The European energy crisis has been a harsh lesson in Economics 101: commodity prices are set by the highest cost producers. Since natural gas is now the highest cost way of producing electricity, the electricity price has more than quintupled because the natural gas price has more than quintupled [source: Bloomberg].
Some articles have described this as a peculiar feature of the European electricity market design. It’s not. It’s how all markets work. The alternative is a regulated market where the average cost determines the price consumers pay. Regulated monopoly utilities around the world operate this way. The differences are illustrated in the schematic below:
The above graph is an illustration of supply and demand and not a reflection of any particular commodity, industry or performance.
From a public policy perspective, one can see the attractiveness of setting up a system that charges the public a price equal to the average cost rather than the highest cost for an essential service like electricity, natural gas, and water.
This is essentially what the European Union (EU) is trying to get back to for electric utilities with their windfall profits tax on certain power generators while maintaining a pretense of a free market construct.
Average cost pricing for utilities was in fact the norm for nearly a century all around the world. Private companies agreed to limits on their profitability (as measured by return on equity) in return for operating a monopoly utility business that avoided duplication of capital; (think: three sets of poles and wires running down the same street).
The problem was the moral hazard of granting an allowed rate of return on invested capital with few, if any, incentives for capital or operating efficiencies. The result was cost inflation and “cord cutting” by large industrial users who could generate power cheaper than they were buying it for. This led to a negative feedback loop of higher costs for those not big enough to generate their own power.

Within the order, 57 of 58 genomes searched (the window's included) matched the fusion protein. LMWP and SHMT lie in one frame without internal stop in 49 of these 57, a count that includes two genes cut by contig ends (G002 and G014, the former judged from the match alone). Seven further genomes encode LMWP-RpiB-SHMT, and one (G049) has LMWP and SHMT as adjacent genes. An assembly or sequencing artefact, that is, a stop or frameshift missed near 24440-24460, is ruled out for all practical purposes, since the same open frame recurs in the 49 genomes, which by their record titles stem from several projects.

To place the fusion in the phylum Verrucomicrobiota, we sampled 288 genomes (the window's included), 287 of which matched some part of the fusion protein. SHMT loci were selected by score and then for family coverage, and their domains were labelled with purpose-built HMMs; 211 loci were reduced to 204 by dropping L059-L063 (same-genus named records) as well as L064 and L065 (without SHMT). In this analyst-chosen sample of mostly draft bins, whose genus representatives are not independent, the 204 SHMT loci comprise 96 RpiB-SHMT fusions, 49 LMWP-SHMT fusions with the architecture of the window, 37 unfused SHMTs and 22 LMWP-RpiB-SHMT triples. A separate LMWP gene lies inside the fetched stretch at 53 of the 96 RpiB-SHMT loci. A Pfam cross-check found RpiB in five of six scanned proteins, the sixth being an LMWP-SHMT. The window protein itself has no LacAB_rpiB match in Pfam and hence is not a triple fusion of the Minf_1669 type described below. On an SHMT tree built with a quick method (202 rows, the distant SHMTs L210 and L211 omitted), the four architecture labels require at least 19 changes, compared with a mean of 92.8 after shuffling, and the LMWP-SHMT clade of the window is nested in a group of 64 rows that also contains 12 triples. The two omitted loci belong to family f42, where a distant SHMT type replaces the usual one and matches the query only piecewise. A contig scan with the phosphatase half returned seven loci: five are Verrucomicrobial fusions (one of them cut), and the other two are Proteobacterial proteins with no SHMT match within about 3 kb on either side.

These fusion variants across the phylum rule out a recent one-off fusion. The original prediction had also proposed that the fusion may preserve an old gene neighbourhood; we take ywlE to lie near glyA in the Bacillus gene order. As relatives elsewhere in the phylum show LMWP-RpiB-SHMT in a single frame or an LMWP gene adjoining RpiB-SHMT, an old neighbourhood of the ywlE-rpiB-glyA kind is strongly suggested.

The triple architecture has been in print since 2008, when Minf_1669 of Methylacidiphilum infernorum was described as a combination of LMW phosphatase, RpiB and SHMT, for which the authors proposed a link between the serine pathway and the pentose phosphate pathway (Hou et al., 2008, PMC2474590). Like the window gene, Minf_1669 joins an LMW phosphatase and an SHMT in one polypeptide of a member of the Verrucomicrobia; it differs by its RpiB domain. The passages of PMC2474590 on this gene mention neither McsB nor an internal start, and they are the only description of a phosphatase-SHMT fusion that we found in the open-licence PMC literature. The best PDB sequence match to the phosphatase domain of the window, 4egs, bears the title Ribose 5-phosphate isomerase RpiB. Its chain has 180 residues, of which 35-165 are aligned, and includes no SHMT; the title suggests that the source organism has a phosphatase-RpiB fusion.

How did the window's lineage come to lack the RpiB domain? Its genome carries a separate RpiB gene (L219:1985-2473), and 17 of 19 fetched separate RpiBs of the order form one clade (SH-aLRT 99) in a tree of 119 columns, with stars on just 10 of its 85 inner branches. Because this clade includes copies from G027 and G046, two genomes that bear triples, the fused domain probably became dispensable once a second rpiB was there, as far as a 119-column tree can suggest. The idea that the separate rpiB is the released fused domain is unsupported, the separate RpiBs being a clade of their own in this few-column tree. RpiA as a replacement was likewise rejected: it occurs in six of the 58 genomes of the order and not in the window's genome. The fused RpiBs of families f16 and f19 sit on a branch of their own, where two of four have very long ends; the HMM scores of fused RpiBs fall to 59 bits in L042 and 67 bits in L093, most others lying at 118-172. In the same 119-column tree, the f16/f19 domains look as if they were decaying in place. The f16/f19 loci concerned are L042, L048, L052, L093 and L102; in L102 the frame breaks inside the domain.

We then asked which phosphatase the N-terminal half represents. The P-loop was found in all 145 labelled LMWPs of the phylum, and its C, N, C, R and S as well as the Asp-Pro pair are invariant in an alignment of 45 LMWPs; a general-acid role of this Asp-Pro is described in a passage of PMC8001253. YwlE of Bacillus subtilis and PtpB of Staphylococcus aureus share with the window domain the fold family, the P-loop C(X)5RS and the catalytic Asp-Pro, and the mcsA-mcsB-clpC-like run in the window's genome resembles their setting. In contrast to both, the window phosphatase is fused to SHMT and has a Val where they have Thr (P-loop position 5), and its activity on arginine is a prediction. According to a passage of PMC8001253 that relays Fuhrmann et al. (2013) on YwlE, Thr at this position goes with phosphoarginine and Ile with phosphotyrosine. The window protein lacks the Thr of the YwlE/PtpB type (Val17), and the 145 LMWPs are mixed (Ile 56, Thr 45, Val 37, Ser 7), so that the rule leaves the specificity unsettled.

Deregulation was the result, where the business of producing the commodity was separated from the business of delivering it which stayed as a regulated monopoly. This deregulation happened around the world and in the U.S… From a cost standpoint it was a huge success. In the 1980s, U.S. wholesale electricity prices for the largest industrial customers was about 14-17 cents per kilowatt hour in today’s dollars versus less than 5 cents over the last five years. (Source: EIA, Bloomberg)
We have written before how difficult it is to enjoy the benefits of a regulated monopoly (average cost pricing, avoidance of duplicate assets, lower cost of financing, etc.) while maintaining incentives for efficiency. The answer, in our view, is an incentive system where allowed rates of return are scaled with performance on cost, reliability, environmental impact, etc.
That is not what the EU is proposing. Instead, they are in effect punishing the low-cost producers by taking away some of their “windfall” profits while allowing the higher-cost producers to pass along their costs. This is the opposite of an incentive for efficiency.
During a war, it is understandable that a lot of free market principals are compromised so that everyone can get through it together. But very often the policy implications of a political imperative executed during an emergency have long lasting negative effects. (see: Federal Reserve easy money policy)
Our advice to the EU: all of this has been tried before with plenty of evidence of the failures of incremental policy changes to a very complex system. You are rhyming with history.
The information provided above is based on data obtained from third party publicly available sources that EIP believes to be reliable, but EIP has not independently verified and cannot warrant the accuracy of such information. In providing the information, EIP has made several assumptions that if changed, materially affect the information and conclusions provided. This information is based upon EIP’s opinion which may change at any time and without notice.
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